The one thing I'd like to stress is that, as much as I loved the Qui-Gon Jinn character, I feel it is a bit unfair to give him credit for being more in tune with the Force than Yoda or Obi-Wan. After all, it was Kenobi who sensed that something was brewing on the horizon, while Jinn didn't sense anything. Although he does sense the TF's great fear of something unknown a few minutes later, but that is more in the here and now. Anyway, Kenobi was right. And it was Yoda who insisted that it was a mistake to train Anakin. And he was right.

    But I am of course missing a bit of the bigger picture, without having seen Episode III. If it was "necessary" to wipe out the Jedi Order in order to bring the Force back in balance, then surely Anakin HAD to be trained. But I am still not all that convinced that this had to happen...
  9. There_IS_no_Conflict Jedi Knight

    Member Since:
    Aug 6, 2001
    star 2
    I am!! convinced, that is..
    Really!
  10. BigBossNass1138 Jedi Grand Master

    Member Since:
    Mar 13, 2002
    star 5
    You have a good point, Adali, about how some people raise Qui-Gon up above the rest of them.

    Qui-Gon is more in tune with the Force from a certain point of view. It is true in that he does let his actions be much more closely guided by the will of the Force. But this devotion to the living Force does not make someone necesarily more in tune. They are very much in tune with the Force of the moment, but they do not look beyond the present.

    The Jedi council have been accused (often by me ;) )of complacency, of far to rigid compliance with proceedure and ritual. And this is true, but I feel like offering them some defence at this point. They wouldn't be masters of the entire order if they weren't very much in tune with the Force. But on the whole, they look at the bigger picture. Their disagreement with Qui-Gon comes from their concerns that the boy's future is shadowed, and that there are dark things comming that even they do not see.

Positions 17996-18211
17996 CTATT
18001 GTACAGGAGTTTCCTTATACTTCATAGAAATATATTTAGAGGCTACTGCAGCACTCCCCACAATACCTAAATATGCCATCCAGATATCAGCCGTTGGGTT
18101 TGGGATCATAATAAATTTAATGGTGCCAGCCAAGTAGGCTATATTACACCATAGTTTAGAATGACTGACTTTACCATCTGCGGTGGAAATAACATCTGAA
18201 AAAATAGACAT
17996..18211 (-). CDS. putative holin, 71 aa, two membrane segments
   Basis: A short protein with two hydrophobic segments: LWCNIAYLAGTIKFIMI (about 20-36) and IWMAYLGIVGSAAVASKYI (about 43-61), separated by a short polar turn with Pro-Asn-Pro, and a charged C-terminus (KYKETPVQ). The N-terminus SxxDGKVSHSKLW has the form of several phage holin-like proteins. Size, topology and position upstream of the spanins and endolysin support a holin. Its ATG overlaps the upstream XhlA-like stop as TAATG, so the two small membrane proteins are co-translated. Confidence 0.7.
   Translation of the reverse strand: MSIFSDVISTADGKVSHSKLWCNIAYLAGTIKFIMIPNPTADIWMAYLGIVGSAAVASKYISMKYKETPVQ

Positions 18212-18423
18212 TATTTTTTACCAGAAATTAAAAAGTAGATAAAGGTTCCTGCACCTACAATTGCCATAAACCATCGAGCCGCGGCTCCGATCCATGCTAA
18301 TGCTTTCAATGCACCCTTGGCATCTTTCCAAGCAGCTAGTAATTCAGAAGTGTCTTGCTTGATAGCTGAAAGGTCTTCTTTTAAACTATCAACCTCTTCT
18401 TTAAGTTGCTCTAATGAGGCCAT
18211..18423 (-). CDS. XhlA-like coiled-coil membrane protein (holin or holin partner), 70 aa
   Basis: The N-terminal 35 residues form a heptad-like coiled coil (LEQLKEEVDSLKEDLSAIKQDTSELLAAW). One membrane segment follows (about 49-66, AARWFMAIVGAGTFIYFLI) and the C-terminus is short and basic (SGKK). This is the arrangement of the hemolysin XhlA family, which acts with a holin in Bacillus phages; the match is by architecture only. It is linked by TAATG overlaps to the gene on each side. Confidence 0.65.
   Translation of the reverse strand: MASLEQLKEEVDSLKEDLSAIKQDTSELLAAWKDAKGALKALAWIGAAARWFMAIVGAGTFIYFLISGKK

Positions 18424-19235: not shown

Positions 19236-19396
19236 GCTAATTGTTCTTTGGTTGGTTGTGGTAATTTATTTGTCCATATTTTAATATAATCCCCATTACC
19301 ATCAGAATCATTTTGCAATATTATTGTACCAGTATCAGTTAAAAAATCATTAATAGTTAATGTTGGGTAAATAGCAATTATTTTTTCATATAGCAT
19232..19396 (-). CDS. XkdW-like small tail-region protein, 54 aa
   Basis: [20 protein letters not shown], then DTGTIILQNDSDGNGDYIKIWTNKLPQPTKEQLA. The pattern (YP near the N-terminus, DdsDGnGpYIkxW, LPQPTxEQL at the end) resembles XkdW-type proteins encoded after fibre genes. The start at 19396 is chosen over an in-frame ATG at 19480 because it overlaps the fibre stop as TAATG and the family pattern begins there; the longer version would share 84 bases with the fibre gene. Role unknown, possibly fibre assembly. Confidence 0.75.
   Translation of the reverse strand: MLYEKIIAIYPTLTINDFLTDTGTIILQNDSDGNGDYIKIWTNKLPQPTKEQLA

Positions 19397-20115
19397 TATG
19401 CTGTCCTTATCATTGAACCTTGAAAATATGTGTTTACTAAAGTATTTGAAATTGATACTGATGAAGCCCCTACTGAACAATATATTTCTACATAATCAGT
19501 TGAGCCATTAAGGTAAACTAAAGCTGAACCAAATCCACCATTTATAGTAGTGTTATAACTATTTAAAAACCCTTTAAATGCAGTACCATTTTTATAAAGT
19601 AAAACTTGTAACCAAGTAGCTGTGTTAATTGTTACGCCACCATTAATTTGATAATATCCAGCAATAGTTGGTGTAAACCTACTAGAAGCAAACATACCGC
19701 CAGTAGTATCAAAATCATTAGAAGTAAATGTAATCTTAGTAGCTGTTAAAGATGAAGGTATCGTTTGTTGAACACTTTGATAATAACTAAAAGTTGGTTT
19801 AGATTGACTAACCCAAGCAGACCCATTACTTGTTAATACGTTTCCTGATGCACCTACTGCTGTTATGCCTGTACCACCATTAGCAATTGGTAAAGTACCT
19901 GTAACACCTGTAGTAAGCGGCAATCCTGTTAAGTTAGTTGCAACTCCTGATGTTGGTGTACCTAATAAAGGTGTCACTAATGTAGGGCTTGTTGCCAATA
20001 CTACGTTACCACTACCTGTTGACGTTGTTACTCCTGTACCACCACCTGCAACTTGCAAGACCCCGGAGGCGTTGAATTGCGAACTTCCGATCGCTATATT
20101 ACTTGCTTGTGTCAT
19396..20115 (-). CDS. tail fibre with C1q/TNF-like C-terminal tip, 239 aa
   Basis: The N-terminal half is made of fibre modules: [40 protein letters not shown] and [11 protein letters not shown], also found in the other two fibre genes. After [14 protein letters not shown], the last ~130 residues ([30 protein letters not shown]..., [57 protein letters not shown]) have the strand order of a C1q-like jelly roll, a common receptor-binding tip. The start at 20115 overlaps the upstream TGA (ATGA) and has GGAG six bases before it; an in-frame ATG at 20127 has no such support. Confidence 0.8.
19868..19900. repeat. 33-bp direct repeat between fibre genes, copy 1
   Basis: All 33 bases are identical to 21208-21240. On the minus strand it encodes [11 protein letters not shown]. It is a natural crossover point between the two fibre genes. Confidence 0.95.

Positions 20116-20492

Qui-Gon is extremely arogant. At no point does he consider the possibility that he might be wrong about Anakin. He was right about him being the Chosen One, but he takes him away from his mother, he defies the council about his training, he essentially blows off Obi-Wan so he can take Anakin as his padawan. If he had stopped and thought about it, listened to what the council and even his own aprentice had to say, he might have realised that the boy was dangerous.

    I think it is wrong to compare Qui-Gon and the council, and argue that one is somehow better or more in tune with the Force than the other. As I said in my last post, their philosophies are very different. Qui-Gon is a very capable Jedi, but he is at times blinded by his seeming inability to look at the bigger picture. The Jedi council are also wise and great Jedi, but they are likewise weakened by their rigid adherance to the code, and to ritual. For all their looking, they are blind to what is really happening to the Republic.

    And still we have no Issurus. Where can he be? :)
  11. Adali-Kiri Jedi Master

    Member Since:
    Jul 31, 2000
    star 4
    In Isurus' absence - I agree!

    You have a very good point about how Jinn and the Council all have their strengths and weaknesses.
    Good grief, even Jedi are human! Well, not all of them... 8-}
  12. tabbafett Jedi Knight

    Member Since:
    Mar 16, 2001
    star 2
    Bigbossnass-